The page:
Evan Robarts lives and works in Brooklyn, NY. His playful sculptures are constructed from found objects and industrial materials. Robarts reinvigorates everyday items like brooms, hockey sticks, and bicycle frames when he transforms them into vibrant compositions. In one piece the combination of cake sprinkles and plaster results in a dazzling abstraction that looks good enough to eat. Another body of work utilizes Popsicle sticks and ink to imitate a plane of freshly melted treats. Robarts’ zestful work triggers multiple senses and reminds us that exuberance can be found in all things.
Kevin Christy lives and works in Los Angeles. He utilizes unyielding iconography to present allegories about the world we inhabit. Christy seems to have a firm grasp on popular culture and historical events and uses it to mock and enlighten. From a strikingly humorous depiction of Adolf Hitler slipping on a banana peel to an extended tee shirt adorned with the American Flag Christy channels the present and the past in his satirical depictions.
Vasa Mihich lives and works in Los Angeles where he is the senior Professor of Design at the University of California. His geometrical pantings and sculptures explore the relationship between light and color. He is producing an ongoing series of radiant cast acrylic sculptures. The sleek prismatic forms reference geometric shapes as well as minerals found in nature. The mass production of the industrial plastic used to create each piece is referenced in part by the distribution of the series as they are all available as multiples.
Pierre Andre Senizergues is a professional skateboarder and owner of Sole Technologies. He has developed his dream home that will be built in Malibu, California. The house is entirely skateable both inside and out and was designed to be a compact living space that will overlook the Pacific Ocean. The prototype was designed by Gil Lebon Delapointe and Francois Perrin. Nicknamed the PAS House this abode is a true skateboarders paradise.
Sebastian Wickeroth lives and works in Düsseldorf, Germany. He constructs and partially destroys large imposing sculptures. Some of his installations look as if the structures are buckling under the pressure of an entire room while others look like monoliths that have fallen from the sky. Utilizing color and intriguing geometric shapes Wickeroth commands space with dilapidated forms that explore beauty in decay and comment on man-made structures that are built and inevitably destroyed.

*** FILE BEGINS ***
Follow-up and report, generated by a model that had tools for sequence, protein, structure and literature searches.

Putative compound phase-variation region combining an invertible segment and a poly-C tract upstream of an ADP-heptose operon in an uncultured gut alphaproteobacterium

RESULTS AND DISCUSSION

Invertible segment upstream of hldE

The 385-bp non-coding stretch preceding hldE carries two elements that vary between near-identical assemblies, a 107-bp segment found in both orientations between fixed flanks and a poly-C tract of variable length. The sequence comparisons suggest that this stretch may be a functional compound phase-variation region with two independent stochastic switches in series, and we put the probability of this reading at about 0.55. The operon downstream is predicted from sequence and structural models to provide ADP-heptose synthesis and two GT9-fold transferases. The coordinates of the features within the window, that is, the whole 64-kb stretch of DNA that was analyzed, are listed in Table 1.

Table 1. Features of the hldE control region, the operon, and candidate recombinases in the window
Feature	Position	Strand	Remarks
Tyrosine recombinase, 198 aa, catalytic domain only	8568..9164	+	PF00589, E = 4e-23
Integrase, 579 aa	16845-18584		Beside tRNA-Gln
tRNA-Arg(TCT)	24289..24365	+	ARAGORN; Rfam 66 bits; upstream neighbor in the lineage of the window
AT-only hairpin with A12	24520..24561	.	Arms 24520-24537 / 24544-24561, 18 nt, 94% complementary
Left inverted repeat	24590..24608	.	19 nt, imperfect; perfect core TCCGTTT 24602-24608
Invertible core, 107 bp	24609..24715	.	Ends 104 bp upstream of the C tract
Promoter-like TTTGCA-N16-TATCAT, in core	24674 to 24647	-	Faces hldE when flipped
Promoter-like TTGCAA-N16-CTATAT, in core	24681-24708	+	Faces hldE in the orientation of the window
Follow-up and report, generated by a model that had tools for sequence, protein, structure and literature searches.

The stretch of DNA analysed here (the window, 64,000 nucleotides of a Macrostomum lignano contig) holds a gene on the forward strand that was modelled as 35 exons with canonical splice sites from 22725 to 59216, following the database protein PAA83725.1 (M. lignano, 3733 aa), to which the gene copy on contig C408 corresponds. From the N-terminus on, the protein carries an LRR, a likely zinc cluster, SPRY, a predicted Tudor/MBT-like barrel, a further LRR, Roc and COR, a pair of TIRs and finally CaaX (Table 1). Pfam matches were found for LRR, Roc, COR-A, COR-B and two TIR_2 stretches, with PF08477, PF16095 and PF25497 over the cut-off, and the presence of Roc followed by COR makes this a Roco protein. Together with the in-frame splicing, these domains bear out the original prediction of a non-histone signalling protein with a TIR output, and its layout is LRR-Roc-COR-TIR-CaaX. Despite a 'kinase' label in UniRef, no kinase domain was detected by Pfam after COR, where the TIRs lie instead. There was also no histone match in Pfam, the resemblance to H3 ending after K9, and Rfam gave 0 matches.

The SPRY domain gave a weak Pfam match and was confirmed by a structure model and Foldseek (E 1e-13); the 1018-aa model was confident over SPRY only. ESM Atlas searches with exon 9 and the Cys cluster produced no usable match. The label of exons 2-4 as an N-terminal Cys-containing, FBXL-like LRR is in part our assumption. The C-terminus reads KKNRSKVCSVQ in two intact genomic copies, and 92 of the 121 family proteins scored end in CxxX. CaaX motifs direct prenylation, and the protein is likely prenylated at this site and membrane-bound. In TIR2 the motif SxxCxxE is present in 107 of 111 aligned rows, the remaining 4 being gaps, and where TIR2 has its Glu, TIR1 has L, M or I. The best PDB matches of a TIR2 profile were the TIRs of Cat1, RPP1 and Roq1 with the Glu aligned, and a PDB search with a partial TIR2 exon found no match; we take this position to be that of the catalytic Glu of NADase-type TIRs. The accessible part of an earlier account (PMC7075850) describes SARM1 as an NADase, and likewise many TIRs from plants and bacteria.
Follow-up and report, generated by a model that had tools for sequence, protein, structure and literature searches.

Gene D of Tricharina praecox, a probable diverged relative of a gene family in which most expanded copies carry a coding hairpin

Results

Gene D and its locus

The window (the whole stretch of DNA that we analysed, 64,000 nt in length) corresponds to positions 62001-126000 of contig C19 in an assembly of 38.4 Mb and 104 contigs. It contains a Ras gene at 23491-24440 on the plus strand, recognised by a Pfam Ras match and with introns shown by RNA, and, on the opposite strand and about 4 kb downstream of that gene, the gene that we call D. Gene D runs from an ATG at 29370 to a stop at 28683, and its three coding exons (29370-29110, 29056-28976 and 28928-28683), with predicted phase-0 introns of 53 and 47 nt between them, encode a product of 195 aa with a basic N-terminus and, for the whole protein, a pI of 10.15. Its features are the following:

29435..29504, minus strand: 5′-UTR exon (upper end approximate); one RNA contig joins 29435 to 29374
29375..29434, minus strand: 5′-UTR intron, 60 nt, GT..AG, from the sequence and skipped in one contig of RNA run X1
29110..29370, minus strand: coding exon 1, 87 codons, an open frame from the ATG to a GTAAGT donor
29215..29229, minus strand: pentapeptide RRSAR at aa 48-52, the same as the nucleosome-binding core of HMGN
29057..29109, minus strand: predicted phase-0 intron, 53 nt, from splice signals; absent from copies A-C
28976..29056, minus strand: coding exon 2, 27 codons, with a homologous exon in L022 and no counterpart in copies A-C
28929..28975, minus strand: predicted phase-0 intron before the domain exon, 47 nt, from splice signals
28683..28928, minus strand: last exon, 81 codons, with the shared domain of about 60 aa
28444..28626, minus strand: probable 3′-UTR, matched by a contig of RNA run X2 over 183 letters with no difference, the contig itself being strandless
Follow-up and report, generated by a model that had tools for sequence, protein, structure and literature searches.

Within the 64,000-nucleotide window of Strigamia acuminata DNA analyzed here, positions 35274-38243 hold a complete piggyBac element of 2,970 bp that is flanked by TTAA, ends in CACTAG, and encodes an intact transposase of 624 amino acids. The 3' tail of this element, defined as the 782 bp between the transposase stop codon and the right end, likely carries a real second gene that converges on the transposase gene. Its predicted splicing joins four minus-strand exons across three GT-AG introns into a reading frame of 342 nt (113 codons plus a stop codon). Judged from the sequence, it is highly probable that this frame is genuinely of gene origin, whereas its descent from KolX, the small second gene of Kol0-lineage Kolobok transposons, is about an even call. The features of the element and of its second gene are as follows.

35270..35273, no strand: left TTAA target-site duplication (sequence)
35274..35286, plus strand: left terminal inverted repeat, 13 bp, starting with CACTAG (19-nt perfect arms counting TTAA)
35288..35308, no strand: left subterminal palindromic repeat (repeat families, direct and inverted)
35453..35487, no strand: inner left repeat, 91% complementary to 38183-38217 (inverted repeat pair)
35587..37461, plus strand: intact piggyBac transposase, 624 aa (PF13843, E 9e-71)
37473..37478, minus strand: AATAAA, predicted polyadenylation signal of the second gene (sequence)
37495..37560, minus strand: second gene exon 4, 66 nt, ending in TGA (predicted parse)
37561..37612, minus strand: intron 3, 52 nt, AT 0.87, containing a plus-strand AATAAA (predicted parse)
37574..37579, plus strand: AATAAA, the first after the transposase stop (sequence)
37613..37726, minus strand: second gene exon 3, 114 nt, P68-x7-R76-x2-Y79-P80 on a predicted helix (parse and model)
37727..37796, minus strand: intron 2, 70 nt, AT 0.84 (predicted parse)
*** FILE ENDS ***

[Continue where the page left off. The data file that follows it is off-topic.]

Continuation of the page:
Emmanuelle Pidoux lives and works in Dunkerque, France and is one of the founding members of the Frederic Magazine drawing collective. Her work frequently features mysterious dark matter. These menacing black masses engulf every scene. Occasionally figures and animals are barely visible within the dingy fog. The drawings reference the grim side of nature as well as man-made air pollution to comment on the power of the universe and our often damaging effect on the environment.
Jody Zinner lives and works in Montreal, Canada. Her delicate hair paintings explore our biomaterial in humorous, grotesque, and symbolic ways. From Chewbacca’s flowing locks to a braid of hair in the shape of a circle as if to reference strength and continuity Zinner uses hair to convey multiple points of view.
Somewhere In The Fold is an exhibition that recently closed at the San Francisco Gallery The Popular Workshop. The show was curated by Luca Nino Antonucci who is an artist and co-founder of Colpa Press as well as the San Francisco Newsstand turned zine shop Edicola. The exhibition examines the intersection of fine art, design, book making and publishing. From the press release: “There is a broad dialogue between publication and art object, far more complex than the straightforward union of the two into the ‘art book.’ Somewhere in the Fold is a survey of the relationship between the current state of publishing and the art practices of contemporary artists. These disciplines have converged into processes of editing and editioning, making once disparate fields singular. The participating artists and publishers of Somewhere in the Fold approach this conversation by showing work that deliberately confuses the terms ‘publication’ and ‘art object’, while attempting to discover a place where they can exist together both in form and concept.”